To my surprise, they did. I stepped away from the truck and began my lecture.
I introduced myself to the fianc￩, then told him what he had done was cruel, hurtful and very dangerous. No matter how mad you are, you don’t put someone out on the highway in the dark. He tried to apologize. She told him to shut up. I calmed her down and continued the lecture. They had some work to do if marriage was in the cards. I urged them to work things out … without anger and harsh words.
I couldn’t leave without knowing for sure she was safe. I thought she would be, but I played my ace. I could have — probably should have — called law enforcement when I found her on the road. I told him there are laws against what he had done. It was a threat, but it got his attention. I told him I knew the sheriff and police chief personally.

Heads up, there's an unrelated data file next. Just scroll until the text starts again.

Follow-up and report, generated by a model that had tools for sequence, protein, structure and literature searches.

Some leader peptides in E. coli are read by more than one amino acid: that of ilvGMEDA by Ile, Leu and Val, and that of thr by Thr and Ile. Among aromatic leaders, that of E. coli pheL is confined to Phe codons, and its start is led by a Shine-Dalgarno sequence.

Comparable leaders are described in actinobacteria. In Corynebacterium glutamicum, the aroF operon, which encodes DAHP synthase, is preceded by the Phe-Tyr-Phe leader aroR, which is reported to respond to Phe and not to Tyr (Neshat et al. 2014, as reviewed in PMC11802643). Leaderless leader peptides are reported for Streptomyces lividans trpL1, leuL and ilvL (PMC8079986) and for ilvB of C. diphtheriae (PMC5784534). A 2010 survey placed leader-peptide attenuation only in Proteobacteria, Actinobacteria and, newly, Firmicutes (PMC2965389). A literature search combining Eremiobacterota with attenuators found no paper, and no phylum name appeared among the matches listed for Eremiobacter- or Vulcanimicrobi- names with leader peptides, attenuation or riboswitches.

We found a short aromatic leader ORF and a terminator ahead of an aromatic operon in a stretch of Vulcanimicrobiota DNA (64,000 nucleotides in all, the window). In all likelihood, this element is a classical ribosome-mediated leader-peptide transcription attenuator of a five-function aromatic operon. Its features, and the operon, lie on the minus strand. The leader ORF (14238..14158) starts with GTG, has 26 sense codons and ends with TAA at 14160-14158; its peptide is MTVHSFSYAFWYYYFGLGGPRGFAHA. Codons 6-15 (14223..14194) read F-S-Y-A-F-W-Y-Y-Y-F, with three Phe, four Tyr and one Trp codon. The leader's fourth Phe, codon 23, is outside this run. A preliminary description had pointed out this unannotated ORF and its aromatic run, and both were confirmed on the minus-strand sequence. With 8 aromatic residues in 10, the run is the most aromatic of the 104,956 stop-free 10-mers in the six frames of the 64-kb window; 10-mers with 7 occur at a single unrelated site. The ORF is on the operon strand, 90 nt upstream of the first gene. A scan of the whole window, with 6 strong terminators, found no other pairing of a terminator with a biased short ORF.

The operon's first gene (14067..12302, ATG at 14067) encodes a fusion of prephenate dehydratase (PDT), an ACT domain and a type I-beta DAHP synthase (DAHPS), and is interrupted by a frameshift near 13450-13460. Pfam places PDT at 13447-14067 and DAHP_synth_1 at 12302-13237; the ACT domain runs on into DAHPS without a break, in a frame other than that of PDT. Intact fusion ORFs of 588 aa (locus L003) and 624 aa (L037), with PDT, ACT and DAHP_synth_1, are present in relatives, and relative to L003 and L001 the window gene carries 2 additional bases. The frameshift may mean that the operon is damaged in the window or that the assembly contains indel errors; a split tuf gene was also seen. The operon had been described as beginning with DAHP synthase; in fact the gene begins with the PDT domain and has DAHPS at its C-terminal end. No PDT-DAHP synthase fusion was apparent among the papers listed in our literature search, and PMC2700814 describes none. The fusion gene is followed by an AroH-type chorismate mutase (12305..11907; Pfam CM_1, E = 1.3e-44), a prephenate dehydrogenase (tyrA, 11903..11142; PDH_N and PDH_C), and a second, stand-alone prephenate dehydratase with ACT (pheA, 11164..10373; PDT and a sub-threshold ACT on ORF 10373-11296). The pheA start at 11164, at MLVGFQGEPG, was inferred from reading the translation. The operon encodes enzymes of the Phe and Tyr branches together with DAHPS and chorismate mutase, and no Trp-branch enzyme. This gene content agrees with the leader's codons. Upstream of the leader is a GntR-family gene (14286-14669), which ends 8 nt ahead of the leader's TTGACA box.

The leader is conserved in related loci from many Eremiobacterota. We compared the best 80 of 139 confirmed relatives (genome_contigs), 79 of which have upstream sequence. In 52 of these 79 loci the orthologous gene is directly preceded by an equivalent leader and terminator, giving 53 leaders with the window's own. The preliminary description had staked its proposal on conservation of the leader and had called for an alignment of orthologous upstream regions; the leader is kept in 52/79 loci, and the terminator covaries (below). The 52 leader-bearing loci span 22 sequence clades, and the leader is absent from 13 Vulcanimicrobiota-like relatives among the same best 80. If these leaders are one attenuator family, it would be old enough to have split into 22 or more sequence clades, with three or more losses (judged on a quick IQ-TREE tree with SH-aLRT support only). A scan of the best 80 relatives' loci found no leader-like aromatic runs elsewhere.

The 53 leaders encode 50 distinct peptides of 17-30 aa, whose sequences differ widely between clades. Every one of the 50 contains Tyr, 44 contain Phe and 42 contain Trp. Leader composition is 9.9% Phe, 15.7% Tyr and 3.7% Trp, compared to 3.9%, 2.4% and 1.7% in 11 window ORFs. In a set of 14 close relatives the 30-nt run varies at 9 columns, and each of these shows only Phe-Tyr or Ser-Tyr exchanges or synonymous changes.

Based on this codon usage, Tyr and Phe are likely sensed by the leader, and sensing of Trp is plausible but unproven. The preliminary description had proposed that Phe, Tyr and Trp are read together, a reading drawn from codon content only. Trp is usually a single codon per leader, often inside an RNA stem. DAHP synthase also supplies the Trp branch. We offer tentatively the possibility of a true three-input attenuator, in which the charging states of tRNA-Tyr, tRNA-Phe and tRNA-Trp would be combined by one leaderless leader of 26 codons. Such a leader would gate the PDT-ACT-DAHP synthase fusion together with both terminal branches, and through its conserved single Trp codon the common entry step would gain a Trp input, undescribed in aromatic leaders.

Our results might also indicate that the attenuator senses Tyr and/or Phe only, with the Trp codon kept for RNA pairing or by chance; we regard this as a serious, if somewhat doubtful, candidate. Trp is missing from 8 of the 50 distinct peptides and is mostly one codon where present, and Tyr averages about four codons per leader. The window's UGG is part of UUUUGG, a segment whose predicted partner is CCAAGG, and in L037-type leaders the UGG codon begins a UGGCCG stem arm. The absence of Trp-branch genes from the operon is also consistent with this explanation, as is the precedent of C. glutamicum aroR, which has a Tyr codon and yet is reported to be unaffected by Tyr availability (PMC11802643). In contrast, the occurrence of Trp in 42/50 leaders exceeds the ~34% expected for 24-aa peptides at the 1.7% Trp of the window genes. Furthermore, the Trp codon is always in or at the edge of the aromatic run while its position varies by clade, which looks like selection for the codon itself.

I’m not a counselor, but I had their attention, and maybe my peacekeeping efforts were going to my head. Stepping between them, with a hand on each of their shoulders, I asked if they were done fighting and ready to behave. He assured me he was; she said she would be fine. I started to believe them.
So, for another few minutes, we talked about love … what it is and what it isn’t. We talked about respect. We talked about making a mistake and learning from it. Finally, I knew I had overstayed. Don’t push your luck, I thought.
I made them both promise to work things out and make peace. Shaking my hand, he thanked me for bringing her home. She thanked me with a tight hug around my neck. I left them on the porch and headed home.
I knew — from the moment I stopped my truck and invited her in — I was taking ownership of their problem. Now I was handing it back to them and hoping I was making the right choice. I hope they too made good choices.
For several weeks, I checked police logs and sheriff’s call sheets, hoping I wouldn’t see their names. No news is good news, I guess.
If by chance, they are sitting on the porch of the little house at the end of the lane reading this with their Sunday morning coffee … well, good for them.
What do you think? Did I do the right thing? What would you have done in my situation? Write me at firstname.lastname@example.org. Dave Berry is editor of the Tyler Morning Telegraph. His column appears every Sunday.